The benefits versus the risks of postnatal administration of steroids in preterm-born infants are still debatable. This review examines the literature on postnatal hydrocortisone treatment for chronic lung disease (CLD) in preterm-born infants with a particular focus on the effects of such treatment on long-term neurodevelopmental outcomes. Quantitative published evidence does not point to a clear advantage of treatment with hydrocortisone over dexamethasone with regard to the impact on long-term neurological outcomes. However, in the absence of a randomised comparison, a consensus may soon have to be reached on the basis of the best available evidence whether hydrocortisone should replace dexamethasone in the treatment of CLD.
Statistics from Altmetric.com
In contrast with the consensus about the benefits of maternal steroid treatment to accelerate fetal lung maturation,1 there is an ongoing debate about the pros and cons of postnatal corticosteroid administration to preterm-born infants.2–6 After initial reports in the 1980s suggested short-term benefits of steroids in ventilator-dependent children, dexamethasone became the widely and almost exclusively used drug for preventing or treating chronic lung disease (CLD).7 One retrospective study examining the outcome of neonates with a birth weight between 500 g and 749 g, showed that 43% of infants born between 1990 and 1992 received dexamethasone compared with as many as 84% of those born between 1993 and 1995.8 The almost routine use of dexamethasone continued until 1998, when Yeh et al published the results of a large multicentre follow-up study that showed a marked increase in neurodevelopmental dysfunction in neonates treated with dexamethasone compared with controls.9 More alarming publications on the long-term negative effects of dexamethasone appeared10 ,11 and as a result there was a gradual decrease in postnatal steroid prescription.12 The American Academy of Pediatrics stated in 2002 that, outside clinical trials, postnatal steroid use should be reserved only for “exceptional clinical circumstances”.13 However, a recent prospective evaluation of postnatal steroid administration in California, from April 2002 to March 2003, showed that 19.3% of children ⩽1500 g were still receiving steroids.14
Over the past years, there have been more reports of long-term negative neurodevelopmental sequelae following neonatal dexamethasone treatment,9–11 15 16 and recently an MRI study at term equivalent age showed reduced brain volumes in infants treated with a moderately low dose of dexamethasone after 28 days of life.17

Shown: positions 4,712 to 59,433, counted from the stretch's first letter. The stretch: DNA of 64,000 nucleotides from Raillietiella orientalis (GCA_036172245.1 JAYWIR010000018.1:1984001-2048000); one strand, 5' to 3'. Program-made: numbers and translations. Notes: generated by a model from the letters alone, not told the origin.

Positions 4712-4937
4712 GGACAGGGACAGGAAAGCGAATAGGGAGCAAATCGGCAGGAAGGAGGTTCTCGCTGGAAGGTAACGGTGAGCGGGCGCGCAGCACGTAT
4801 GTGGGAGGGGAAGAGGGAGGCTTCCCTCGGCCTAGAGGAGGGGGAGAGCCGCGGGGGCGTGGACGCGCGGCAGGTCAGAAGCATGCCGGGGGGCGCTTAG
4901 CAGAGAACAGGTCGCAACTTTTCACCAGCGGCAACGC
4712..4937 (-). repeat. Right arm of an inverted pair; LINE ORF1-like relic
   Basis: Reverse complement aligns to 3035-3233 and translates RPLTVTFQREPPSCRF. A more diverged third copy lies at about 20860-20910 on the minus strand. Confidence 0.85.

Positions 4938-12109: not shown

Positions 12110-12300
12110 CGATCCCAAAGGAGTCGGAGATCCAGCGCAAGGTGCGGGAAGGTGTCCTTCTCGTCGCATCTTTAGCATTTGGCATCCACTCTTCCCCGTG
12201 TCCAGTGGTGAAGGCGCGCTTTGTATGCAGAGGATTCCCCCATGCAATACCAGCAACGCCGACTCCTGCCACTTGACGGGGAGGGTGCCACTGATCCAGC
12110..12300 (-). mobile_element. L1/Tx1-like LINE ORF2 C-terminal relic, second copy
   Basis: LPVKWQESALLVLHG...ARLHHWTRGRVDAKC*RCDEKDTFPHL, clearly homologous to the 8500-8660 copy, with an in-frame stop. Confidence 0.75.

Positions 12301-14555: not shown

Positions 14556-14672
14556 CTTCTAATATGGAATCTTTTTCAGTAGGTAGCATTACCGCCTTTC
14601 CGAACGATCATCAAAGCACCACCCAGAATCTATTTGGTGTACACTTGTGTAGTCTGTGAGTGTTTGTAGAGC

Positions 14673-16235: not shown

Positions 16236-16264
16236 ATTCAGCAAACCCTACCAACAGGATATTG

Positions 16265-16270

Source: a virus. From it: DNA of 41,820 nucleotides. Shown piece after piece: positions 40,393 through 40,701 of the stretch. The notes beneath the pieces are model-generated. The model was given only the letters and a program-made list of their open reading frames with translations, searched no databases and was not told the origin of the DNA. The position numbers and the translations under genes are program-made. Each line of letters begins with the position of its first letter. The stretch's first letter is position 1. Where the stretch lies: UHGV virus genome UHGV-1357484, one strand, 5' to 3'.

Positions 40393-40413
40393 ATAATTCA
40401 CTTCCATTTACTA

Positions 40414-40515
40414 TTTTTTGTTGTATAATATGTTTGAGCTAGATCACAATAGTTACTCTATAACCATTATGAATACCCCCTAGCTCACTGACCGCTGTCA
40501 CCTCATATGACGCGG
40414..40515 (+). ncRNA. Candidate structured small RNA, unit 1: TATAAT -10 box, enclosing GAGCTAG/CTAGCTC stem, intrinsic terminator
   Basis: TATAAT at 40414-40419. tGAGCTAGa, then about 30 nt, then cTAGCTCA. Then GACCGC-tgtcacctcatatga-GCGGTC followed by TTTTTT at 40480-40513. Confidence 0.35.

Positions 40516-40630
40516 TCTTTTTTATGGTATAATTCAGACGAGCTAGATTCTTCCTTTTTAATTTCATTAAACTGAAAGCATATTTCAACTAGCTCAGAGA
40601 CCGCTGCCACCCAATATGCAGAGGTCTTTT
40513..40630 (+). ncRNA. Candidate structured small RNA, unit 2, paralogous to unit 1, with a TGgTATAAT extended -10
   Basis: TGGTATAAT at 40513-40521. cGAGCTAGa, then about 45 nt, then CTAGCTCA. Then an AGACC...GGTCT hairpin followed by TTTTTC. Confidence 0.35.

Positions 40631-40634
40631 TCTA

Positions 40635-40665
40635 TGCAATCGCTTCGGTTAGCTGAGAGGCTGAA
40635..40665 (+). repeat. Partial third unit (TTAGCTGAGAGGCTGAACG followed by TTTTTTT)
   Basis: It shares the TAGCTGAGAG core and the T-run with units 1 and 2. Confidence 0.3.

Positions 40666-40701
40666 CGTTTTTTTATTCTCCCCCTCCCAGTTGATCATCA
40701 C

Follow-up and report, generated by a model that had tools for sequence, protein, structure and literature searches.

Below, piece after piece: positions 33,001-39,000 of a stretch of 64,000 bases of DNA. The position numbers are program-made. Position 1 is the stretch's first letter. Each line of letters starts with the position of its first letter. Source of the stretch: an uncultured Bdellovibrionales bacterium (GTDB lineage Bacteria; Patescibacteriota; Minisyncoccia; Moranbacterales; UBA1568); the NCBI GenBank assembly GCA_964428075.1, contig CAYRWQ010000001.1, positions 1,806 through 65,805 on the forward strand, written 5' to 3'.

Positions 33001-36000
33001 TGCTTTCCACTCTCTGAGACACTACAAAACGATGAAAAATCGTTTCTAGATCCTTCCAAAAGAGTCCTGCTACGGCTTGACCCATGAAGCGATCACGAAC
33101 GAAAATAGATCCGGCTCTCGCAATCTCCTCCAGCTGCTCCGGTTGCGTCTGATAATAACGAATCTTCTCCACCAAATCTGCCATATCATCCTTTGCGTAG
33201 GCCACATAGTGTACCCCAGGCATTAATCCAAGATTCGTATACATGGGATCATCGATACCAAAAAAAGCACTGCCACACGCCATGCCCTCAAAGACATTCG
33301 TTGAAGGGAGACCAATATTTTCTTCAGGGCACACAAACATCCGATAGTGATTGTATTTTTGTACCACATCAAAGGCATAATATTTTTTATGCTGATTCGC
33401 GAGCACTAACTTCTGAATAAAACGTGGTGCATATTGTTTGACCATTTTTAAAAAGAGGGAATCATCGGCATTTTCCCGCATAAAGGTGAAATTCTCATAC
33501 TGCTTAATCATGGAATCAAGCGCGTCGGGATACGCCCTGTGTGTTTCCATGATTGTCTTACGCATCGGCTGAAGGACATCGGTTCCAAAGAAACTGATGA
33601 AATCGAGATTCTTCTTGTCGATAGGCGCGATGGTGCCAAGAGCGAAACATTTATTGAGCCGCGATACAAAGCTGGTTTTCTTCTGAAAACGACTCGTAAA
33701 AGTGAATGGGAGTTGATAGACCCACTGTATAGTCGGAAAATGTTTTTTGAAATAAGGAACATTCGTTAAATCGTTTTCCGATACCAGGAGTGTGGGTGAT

Hydrocortisone may be an alternative to dexamethasone if it has fewer negative long-term side effects, but there have been scarcely any studies on long-term outcome after postnatal use of hydrocortisone in preterm infants. Hydrocortisone is also being increasingly used for treatment or prevention of vasopressor-resistant hypotension in neonatal medicine.18–20 However, besides one abstract presented at the Society for Pediatric Research meeting in 2007,21 there are no long-term developmental outcome data for infants treated with hydrocortisone for this indication.
The aim of this review was to summarise the literature on postnatal hydrocortisone treatment for CLD in preterm-born infants with a special focus on long-term neurodevelopmental outcome following this treatment. We will not discuss hydrocortisone treatment for refractory hypotension, as it is beyond the scope of this review.
HYDROCORTISONE AND CHRONIC LUNG DISEASE
Six reports have been published on postnatal hydrocortisone administration for prevention (n = 5) or treatment (n = 1) of CLD (summarised in table 1). The first randomised placebo controlled trial of hydrocortisone treatment was published as early as in 1972.22 This trial evaluated the ability of postnatally administered hydrocortisone to alter the course of outcome in infants with hyaline membrane disease. In all, 44 infants (mean gestational age 32.5 weeks) were treated with hydrocortisone or a lactose placebo within 24 h after birth. There was no remarkable effect on Pao2, Paco2, need for assisted mechanical ventilation or survival.
No other studies on hydrocortisone and respiratory disease were published hereafter until 1999, when Watterberg et al enrolled 40 preterm infants into a randomised pilot study to test whether early treatment with low-dose hydrocortisone for 12 days, started within 48 h after birth would increase the likelihood of survival without CLD.23 The rationale for this study was that many extremely low birthweight infants show biochemical evidence of adrenal insufficiency in the first week of life, correlating with subsequent development of CLD.24 Adrenal insufficiency is also associated with amplified inflammatory responses, because cortisol is essential for resolution of inflammation. Infants who develop CLD have been shown to have raised levels of indicators of both prenatal and postnatal inflammation.25 Among the infants treated with hydrocortisone, 60% survived without supplemental oxygen at 36 weeks’ postmenstrual age in contrast with 35% in the placebo group. Treatment with hydrocortisone decreased the number of days on >40% oxygen, days on >25% oxygen, days on ventilator and oxygen at discharge. Although fewer children in the hydrocortisone group were subsequently treated with dexamethasone, there was no difference in median days of dexamethasone administration between the two groups. Adverse short-term neonatal complications were similar for the two groups.